I remember that night well.  I was standing in my kitchen with the phone to my ear hearing his words…

“God hasn’t told me to stop praying for you, yet…but when he does I’ll know it’s time to get in my car and head south in order to attend your funeral.”

As I listened to his words, I became just like the children who had been turned away by Jesus’s disciples.  Tears streaked my face and the darkness of God’s rejection shook me to the core.  For days and weeks afterward, I was paranoid, carefully watching for some wayward driver careening out of control, and on a collision course for me and my little Toyota Tercel.  In time and through my constant faith in a loving God, my fears eventually subsided and gave way to a peace I didn’t understand.

As a Christian lesbian, I look back upon the unsure days of my “coming out” and realize Jesus’s presence was with me through all the tears and sleepless nights.  Just as he did to the rejected children, Jesus beckoned me to come, and he took me in his arms, placed his hands upon my head, and gave me the blessing of his unconditional love.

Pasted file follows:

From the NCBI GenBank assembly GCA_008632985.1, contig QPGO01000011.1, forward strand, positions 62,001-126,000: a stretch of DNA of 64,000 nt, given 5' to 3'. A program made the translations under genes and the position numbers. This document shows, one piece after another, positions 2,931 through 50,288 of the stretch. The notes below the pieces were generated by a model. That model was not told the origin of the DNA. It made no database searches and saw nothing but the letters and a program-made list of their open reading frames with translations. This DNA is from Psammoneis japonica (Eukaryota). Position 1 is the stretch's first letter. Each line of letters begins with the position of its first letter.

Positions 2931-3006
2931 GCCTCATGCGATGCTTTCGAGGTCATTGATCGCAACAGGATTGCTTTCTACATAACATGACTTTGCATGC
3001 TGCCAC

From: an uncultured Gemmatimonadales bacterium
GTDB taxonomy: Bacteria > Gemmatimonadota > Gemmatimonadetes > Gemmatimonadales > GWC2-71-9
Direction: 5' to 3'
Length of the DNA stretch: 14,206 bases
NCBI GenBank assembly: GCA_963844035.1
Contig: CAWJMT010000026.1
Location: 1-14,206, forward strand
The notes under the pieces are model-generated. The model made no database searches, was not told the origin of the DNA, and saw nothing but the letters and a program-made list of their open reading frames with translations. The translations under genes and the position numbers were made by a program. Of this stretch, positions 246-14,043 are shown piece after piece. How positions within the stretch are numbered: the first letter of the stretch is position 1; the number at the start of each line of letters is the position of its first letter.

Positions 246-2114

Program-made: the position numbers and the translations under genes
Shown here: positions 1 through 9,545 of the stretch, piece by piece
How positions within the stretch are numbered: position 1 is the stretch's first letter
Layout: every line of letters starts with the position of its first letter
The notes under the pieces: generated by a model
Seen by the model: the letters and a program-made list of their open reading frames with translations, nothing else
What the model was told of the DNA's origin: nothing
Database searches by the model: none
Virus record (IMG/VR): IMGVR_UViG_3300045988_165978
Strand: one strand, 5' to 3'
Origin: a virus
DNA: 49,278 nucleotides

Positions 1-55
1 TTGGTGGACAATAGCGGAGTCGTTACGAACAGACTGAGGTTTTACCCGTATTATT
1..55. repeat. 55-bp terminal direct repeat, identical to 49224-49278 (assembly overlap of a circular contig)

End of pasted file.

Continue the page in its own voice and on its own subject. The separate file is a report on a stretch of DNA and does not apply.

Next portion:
There are so many “religious folk” who still worry about my eternal soul, and to them, I’d like to say that my relationship with Jesus is far sweeter…far closer than it ever was when I was living a lie as a straight Christian.  There is no comparison.

Friends, Jesus is not too busy for you.  He longs for you to come to him like a child.  He doesn’t care if your face is dirty or if your knees are skint, he opens his arms to ALL of his children…and that includes you, wherever you find yourself to be.

Relationships with God are meant to be as simple as cuddling with your kitten.  There is no contract to read or sign.

No Ph.D. is required.

Go to him with child-like faith, and He will open his arms and never reject you.

Great Joy is found in the Simplicity of His Love.

***

"You may pet me now."

Restore to me again the joy of your salvation… (David)

However, those the Father has given me will come to me, and I will never reject them.  (Jesus)

***

Daily Addictions:  Gigantic 

 

Gasp! Jesus Agrees with Buddha…?

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Daily Proverb:

“If you roll a boulder down on others, it will roll back and crush you.”